Twenty years ago, Capsule Hotel Shinjuku 510 was a place where Tokyo's businessmen could get a quick night's sleep after a long day at the office. Today it's an apartment building for those left unemployed by the devastating recession.
As Japan's jobless rate creeps higher—it is currently 5.2%, the highest it has ever been—some Tokyo residents are saving money by moving into hotels. Caspule hotels.
We've looked at capsule hotels before and thought it might be fun to spend a night of deep sleep in a futuristic, high-tech pod. But this report from yesterday's New York Times presents the sobering reality of life in a capsule.
At about $620 a month, rent's not that cheap, though that does afford you a small in-capsule TV and fresh linens, as well as access to communal areas. The capsules have screens instead of doors, and their thin walls provide little privacy. There is, of course, little space for personal possessions, so most residents keep their things stowed in even smaller lockers on the premises.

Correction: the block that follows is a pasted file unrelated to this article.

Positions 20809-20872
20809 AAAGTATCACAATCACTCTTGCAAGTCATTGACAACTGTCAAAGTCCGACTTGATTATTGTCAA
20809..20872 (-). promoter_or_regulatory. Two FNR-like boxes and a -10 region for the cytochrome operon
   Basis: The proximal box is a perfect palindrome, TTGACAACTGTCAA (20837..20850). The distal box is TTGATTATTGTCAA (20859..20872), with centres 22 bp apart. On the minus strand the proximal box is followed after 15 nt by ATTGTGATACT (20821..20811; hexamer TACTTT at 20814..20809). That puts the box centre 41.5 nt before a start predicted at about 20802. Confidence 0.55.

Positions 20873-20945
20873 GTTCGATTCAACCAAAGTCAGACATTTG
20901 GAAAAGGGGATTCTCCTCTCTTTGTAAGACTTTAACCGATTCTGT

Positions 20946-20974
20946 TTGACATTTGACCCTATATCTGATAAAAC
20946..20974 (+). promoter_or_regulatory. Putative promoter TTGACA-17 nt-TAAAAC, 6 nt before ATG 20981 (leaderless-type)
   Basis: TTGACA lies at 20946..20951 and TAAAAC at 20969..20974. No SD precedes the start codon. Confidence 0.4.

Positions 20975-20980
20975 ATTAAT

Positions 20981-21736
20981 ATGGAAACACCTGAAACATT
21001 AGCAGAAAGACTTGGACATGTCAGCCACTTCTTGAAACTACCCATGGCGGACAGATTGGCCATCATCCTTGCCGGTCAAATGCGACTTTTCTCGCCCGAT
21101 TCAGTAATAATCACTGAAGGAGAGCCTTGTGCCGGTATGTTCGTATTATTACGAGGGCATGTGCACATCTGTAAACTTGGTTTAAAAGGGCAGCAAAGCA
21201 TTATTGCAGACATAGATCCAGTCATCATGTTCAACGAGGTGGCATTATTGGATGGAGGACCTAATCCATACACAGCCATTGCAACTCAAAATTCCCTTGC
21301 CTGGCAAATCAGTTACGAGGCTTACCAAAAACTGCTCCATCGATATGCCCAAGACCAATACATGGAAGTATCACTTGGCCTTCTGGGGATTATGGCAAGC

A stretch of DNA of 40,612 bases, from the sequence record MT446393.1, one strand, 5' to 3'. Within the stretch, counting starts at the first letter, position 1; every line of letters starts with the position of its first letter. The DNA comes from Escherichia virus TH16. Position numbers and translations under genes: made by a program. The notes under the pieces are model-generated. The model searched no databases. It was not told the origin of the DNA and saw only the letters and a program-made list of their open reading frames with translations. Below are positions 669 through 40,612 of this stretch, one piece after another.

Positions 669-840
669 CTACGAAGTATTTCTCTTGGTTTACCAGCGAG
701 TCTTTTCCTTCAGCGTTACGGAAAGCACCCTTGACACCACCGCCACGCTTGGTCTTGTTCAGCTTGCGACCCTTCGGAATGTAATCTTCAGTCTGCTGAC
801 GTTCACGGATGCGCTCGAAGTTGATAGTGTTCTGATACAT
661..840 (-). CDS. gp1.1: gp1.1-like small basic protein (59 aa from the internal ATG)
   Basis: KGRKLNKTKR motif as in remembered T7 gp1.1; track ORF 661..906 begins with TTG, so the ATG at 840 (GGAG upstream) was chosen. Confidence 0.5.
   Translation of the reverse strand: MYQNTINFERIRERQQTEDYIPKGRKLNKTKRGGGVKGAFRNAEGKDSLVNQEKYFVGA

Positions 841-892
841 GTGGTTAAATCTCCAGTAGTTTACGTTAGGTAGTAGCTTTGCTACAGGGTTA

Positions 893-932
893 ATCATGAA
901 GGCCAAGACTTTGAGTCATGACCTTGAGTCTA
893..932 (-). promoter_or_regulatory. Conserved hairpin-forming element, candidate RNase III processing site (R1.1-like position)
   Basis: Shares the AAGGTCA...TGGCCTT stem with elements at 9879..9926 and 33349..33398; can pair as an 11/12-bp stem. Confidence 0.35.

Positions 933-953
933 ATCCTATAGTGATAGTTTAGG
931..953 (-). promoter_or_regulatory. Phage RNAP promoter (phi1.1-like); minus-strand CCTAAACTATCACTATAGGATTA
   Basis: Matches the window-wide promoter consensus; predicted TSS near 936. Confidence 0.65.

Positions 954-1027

The hotel's proprietor estimates about a third of the establishment's 300 capsules are rented long term, on a month by month basis. It is heartening, though, to read that the capsule-dwelling individuals interviewed in this article remain optimistic about what the future holds. You can read their stories and find more photographs at the link. [New York Times via Lisa Katayama's Twitter]